This is how far California Chrome has come.
At a press party held Friday night at the beautiful -- and pricy -- Garden City Hotel on Long Island, N.Y., where Chromie's Stetson-wearing co-owner Steve Coburn held sway like some combination of horse-whisperer and svengali, an elderly visitor suddenly arrived with much fanfare and celebration.
Some thought it might be a beloved relative by the way Coburn gathered her into his big arms and protected her as the pair made their way to the center of the ballroom.
This is how far Coburn has come from his modest roots in Bakersfield, the San Joaquin and the Owens valleys.
The visitor was Penny Chenery, the celebrated owner of Secretariat, the god-like equine who seemed to sprout wings in 1973 when he captured the Triple Crown at Belmont Racetrack and set a speed record that has never been equaled.
And so, on the eve of the Belmont Stakes, 41 years after Secretariat set the racing world on fire, the legend's respected owner seemed to bestow her blessing on Team Chrome and their unlikely yet brilliant quest to capture the Triple Crown after a 36-year drought.
If it happens today, the struggling racing industry may get a much-needed shot of energy and publicity. If the fairy tale comes true, California Chrome and his working-class owners, his 77-year-old trainer -- the oldest ever to win the Kentucky Derby -- and his 41-year-old jockey will make history.
Maybe it was the drinks, or maybe Coburn was just tired of holding back, but just three days after he predicted today's contest would be "a jockey's race," he placed his full and complete faith, as he always had previously, in his horse.
California Chrome, he said, will indeed make history at Belmont, the third and final leg of the Triple Crown. When asked what kind of performance the 3-year-old chestnut colt would show, Coburn didn't mince words.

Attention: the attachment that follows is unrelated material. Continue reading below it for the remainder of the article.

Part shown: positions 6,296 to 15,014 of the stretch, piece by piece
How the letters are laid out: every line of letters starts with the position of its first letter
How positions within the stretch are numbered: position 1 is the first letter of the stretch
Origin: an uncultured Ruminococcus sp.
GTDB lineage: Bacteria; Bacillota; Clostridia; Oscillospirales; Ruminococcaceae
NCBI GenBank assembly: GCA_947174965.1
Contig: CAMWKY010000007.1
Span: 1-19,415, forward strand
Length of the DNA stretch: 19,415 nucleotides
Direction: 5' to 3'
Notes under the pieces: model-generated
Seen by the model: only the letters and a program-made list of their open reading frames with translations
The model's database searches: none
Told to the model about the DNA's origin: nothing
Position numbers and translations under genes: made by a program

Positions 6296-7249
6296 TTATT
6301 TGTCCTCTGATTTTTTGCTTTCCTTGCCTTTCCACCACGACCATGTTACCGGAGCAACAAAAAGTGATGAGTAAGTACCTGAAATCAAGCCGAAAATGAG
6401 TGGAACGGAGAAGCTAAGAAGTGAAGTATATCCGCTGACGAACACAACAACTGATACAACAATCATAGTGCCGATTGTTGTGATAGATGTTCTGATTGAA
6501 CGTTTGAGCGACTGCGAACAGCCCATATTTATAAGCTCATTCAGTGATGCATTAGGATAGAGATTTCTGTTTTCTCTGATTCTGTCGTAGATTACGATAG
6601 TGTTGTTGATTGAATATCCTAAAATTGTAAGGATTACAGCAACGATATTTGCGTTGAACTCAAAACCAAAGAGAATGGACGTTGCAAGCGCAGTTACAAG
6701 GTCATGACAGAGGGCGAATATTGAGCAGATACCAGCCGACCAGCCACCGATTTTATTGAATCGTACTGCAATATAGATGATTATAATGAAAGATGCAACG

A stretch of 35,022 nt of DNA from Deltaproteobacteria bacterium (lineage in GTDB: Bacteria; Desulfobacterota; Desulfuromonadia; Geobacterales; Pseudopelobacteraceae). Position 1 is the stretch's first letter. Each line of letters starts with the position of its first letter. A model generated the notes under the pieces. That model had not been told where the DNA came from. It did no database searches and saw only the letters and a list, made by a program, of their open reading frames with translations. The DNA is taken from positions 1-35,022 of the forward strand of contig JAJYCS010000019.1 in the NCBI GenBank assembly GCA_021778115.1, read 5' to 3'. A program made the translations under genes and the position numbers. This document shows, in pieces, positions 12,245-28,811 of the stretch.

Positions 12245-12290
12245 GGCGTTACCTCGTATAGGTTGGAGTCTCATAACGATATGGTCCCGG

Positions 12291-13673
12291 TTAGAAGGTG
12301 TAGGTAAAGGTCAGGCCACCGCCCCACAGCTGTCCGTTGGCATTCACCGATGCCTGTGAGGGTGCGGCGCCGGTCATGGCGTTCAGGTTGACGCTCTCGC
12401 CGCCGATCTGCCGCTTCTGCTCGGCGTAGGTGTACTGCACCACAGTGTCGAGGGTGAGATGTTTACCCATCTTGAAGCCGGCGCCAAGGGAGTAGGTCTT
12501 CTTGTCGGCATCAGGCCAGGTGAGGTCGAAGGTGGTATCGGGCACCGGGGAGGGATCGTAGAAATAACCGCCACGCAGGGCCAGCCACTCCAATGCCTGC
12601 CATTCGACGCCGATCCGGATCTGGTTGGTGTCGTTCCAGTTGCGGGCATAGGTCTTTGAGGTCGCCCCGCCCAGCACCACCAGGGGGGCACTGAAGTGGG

"A winning performance," he said.
And then he said it again, just to drive the point home: "A winning performance."
Coburn's Bakersfield connection coupled with the California name, has ignited interest in the race among many who live in the Bakersfield area. Fans from the southern valley, some calling themselves "Chromies," were in evidence Friday at the famous racetrack in Elmont, N.Y.
Karen Norton, a financial consultant in Bakersfield, had never been a racing fan. But by happenstance, she was invited by a friend to see Chrome race at Santa Anita.
And she was immediately hooked.
"I was not into horse racing in any way. But there was something about him," Norton said of the thoroughbred.
California Chrome simply stood out from all the other horses. This spring, he won the Santa Anita Derby with ease, Norton said. And he didn't even have to give it his all.
So on Friday, Norton showed up at the track wearing purple and green, the colors of Team Chrome. A green jacket, purple-painted toenails, and two rings on one finger: emeralds and amethysts.
Barb Parviainen and her family were here, too. And longtime local horse player Dave Carnell is expected to arrive today.
Steve Coburn's wife, Carolyn, is Parviainen's sister. And other siblings arrived this week as well.
Parviainen said the family was there to witness "history in the making."
She also shared an interesting coincidence -- or is it?
"Chrome was born on Steven's sister's birthday," she said. Coburn lost his beloved sister to cancer when she was 36, Parviainen said.
It's been 36 years since a horse has won the Crown.
It's those sorts of metaphysical aspects that seem to surround the ascension of California Chrome.
"I'm thrilled for my sister and her husband," Parviainen added. "They are salt-of-the-earth people who've worked very hard their whole lives."
At Friday's event, Coburn took a moment with me and another reporter to try to explain what he sees in Chrome's expressive eyes. The eyes are important, he said.
"It's like looking into clear, cool water," he said. "It goes down deep, deep, deep."
And within that unfathomable depth lies something that can't be explained by bloodlines or training.
"I've been around horses all my life," he said.
And Chrome goes deeper than any horse he has known.